New Depth Records for Algae in Cuba

Calcified green algae are important to the biogeochemical cycles of coral reefs. In this garden of algae, we saw three species of Halimeda, as well as Udotea and Rhipocephalus.

Calcified green algae are important to the biogeochemical cycles of coral reefs. In this garden of algae, we saw three species of Halimeda, as well as Udotea and Rhipocephalus. Image courtesy of Cuba’s Twilight Zone Reefs and Their Regional Connectivity. Download larger image (jpg, 332 kb)

June 7, 2017

Patricia María González Sánchez
Researcher
Cuban National Aquarium (ANC-CITMA)

M. Dennis Hanisak
Research Professor
Harbor Branch Oceanographic Institute at Florida Atlantic University

[ Disponible en español ]

We found a new depth record for Anadyomene, 120 meters at Cayo Coco. This green alga has a conspicuous pattern of large cells that resemble veins in leaves.

We found a new depth record for Anadyomene, 120 meters at Cayo Coco. This green alga has a conspicuous pattern of large cells that resemble veins in leaves. Click image for larger view and image credit.

In general, the zonation pattern of mesophotic algae in the eastern region of Cuba is similar to that found in the western region. In the deep zone between 75 to 150 meters, the crustose coralline algae (Rhodophyta) are predominant. Between 50 to 100 meters, the species of the calcified green alga Halimeda begin to appear, along with the brown alga Dictyota spp. and some other species. From 30 to 50 meters, we frequently observe high coverage of the brown alga Lobophora sp. Perhaps this is due to the low presence of herbivores (urchins and herbivorous fish) and the sedimentation coming from the nearby land.

We recorded another depth record at Cayo Coco for the calcified green alga Udotea occidentalis at 62 meters

We recorded another depth record at Cayo Coco for the calcified green alga Udotea occidentalis at 62 meters. Click image for larger view and image credit.

In our remotely operated vehicle (ROV) dives at the Cayo Coco site of the Archipelago of Sabana-Camagüey, we observed a higer diversity of Halimeda spp. It is interesting to see how the patterns of distribution in these two groups of algae (Ochrophyta or brown algae, and Chlorophyta or green algae) seem to alternate in the shallow mesophotic zone at the two different sites we explored. I wonder why this happens, as both sites are in the same region of the island (Archipelago of Sabana-Camagüey).

Other interesting findings were observing species not common to the area, such as the brown alga Sporochnus pedunculatus at 45 meters deep in Cayo Sabinal (Archipelago of Sabana-Camagüey). We also found new depth records for species for the region, such as Udotea occidentalis found at 62 meters and a species of Anadyomene found at 120 meters in Cayo Coco.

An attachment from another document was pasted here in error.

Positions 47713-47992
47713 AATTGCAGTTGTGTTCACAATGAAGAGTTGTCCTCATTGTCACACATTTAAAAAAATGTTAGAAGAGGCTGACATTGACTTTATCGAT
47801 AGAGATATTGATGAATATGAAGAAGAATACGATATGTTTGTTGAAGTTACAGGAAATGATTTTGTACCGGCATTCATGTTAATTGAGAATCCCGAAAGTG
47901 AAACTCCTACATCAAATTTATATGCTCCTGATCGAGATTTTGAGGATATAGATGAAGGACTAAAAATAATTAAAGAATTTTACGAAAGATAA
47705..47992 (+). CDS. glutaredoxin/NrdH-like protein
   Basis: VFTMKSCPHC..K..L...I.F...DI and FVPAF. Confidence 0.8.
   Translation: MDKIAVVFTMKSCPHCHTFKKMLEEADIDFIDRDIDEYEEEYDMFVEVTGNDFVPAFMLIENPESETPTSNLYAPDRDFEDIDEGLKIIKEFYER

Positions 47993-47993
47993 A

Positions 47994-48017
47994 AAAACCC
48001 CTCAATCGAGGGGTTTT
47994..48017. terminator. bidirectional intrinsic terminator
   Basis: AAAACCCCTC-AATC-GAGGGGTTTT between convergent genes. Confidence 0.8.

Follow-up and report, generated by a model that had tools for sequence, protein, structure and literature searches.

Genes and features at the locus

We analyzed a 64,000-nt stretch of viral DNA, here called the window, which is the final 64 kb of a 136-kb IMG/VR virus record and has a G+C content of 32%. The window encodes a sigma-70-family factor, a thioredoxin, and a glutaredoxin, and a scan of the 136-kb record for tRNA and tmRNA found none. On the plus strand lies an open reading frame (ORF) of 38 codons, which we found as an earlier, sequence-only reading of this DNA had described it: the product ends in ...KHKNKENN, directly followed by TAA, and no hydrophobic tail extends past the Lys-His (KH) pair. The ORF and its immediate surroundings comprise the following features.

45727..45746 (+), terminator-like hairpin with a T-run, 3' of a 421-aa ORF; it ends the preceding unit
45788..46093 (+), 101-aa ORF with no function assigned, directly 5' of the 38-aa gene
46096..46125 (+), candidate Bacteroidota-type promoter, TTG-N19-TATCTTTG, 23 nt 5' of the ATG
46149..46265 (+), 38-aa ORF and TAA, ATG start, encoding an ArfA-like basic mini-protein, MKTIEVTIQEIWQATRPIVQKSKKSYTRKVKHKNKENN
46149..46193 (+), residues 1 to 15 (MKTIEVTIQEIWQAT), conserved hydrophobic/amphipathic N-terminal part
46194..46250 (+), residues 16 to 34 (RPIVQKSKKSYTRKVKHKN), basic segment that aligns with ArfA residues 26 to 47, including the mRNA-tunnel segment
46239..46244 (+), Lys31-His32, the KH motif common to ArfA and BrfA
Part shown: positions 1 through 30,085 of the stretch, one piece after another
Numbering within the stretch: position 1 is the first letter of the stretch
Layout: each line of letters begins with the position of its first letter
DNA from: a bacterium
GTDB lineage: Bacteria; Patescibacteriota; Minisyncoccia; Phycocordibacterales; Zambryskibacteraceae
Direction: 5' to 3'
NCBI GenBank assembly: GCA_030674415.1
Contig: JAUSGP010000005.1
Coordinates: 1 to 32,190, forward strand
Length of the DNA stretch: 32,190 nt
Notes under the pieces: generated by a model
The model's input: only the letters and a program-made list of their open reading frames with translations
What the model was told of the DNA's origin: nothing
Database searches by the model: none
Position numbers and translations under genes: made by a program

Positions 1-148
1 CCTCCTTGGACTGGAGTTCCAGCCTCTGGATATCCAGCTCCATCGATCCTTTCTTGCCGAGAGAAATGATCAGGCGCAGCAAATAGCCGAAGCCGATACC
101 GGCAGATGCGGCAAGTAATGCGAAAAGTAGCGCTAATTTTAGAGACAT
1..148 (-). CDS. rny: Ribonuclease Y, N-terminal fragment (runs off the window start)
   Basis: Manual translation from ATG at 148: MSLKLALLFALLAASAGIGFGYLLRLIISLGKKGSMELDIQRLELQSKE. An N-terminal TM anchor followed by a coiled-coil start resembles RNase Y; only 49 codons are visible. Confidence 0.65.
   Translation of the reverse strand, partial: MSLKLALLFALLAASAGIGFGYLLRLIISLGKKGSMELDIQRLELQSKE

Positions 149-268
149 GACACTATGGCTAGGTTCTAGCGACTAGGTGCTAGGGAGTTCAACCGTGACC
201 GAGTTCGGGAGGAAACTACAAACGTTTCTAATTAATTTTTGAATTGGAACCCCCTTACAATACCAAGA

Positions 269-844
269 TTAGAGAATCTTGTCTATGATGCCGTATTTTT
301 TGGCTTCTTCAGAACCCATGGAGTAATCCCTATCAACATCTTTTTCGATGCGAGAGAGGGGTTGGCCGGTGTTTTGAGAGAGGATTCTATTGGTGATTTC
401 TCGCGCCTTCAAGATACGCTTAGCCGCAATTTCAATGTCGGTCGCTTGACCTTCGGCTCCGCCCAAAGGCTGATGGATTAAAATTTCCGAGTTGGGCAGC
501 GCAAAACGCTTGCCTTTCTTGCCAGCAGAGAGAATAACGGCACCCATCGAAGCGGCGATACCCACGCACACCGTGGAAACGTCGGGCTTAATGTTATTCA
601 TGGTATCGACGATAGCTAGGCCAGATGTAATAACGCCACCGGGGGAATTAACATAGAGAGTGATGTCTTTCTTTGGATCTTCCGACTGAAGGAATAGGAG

At Cayo Sabinal at 45 meters deep, we observed a nice population of Sporochnus pedunculatus, which has rarely been seen in Cuba, as this brown alga is limited to deep water.

At Cayo Sabinal at 45 meters deep, we observed a nice population of Sporochnus pedunculatus, which has rarely been seen in Cuba, as this brown alga is limited to deep water. Click image for larger view and image credit.

In our snokel surveys of shallow reefs, we observed algal diversity that was much higher than in the mesophotic zone, with species of genera such as Amphiroa, Sargassum, Turbinaria, Dictyota, Stypopodium, and Halimeda. This higher diversity could be due to the much greater ease of sampling in shallow water than with the ROV in deeper water.

It is very interesting to study the distribution of these organisms in the vertical scale (different depth zones of the mesophotic reef) as in the horizontal (different mesophotic reefs). Surely we will find surprising results of the investigations carried out in the Cuban mesophotic reefs.

One of us (Patricia) wishes to say that this opportunity to share with scientists from American academic insitutions and in particular with Dr. Dennis Hanisak has been incredible. He is very motivating and contagious at the same time his interest and passion for algae. I hope everyone who listens to him will be motivated to study the algae as we are. I thank you for participating in this expedition and am glad to have met all these wonderful people.

One of us (Dennis) wishes to say what a wonderful opportunity it has also been for me to come to Cuba and explore its mesophotic reef with Cuban experts. I especially enjoyed working with Patricia, who has her own passion for algae, enormous energy, and a strong inquisitive nature, and to Dr. Beatriz Martínez-Daranas, who was the phycologist on Leg 1 and gave both of us good guidance for our algal explorations.

We both think that this research cruise represents a significant advancement of our understanding of marine resources in both our countries.

 

The green alga Penicillus dumetosus is an important calcifier and producer of fine sediments. Previously reported to have a very shallow depth range in Cuba, we found this species to depths of 53 meters

The green alga Penicillus dumetosus is an important calcifier and producer of fine sediments. Previously reported to have a very shallow depth range in Cuba, we found this species to depths of 53 meters. Click image for larger view and image credit.


We found this pretty red alga (Chrysymenia enteromorpha) on sand plains to depths of 62 meters

We found this pretty red alga (Chrysymenia enteromorpha) on sand plains to depths of 62 meters. Click image for larger view and image credit.


 

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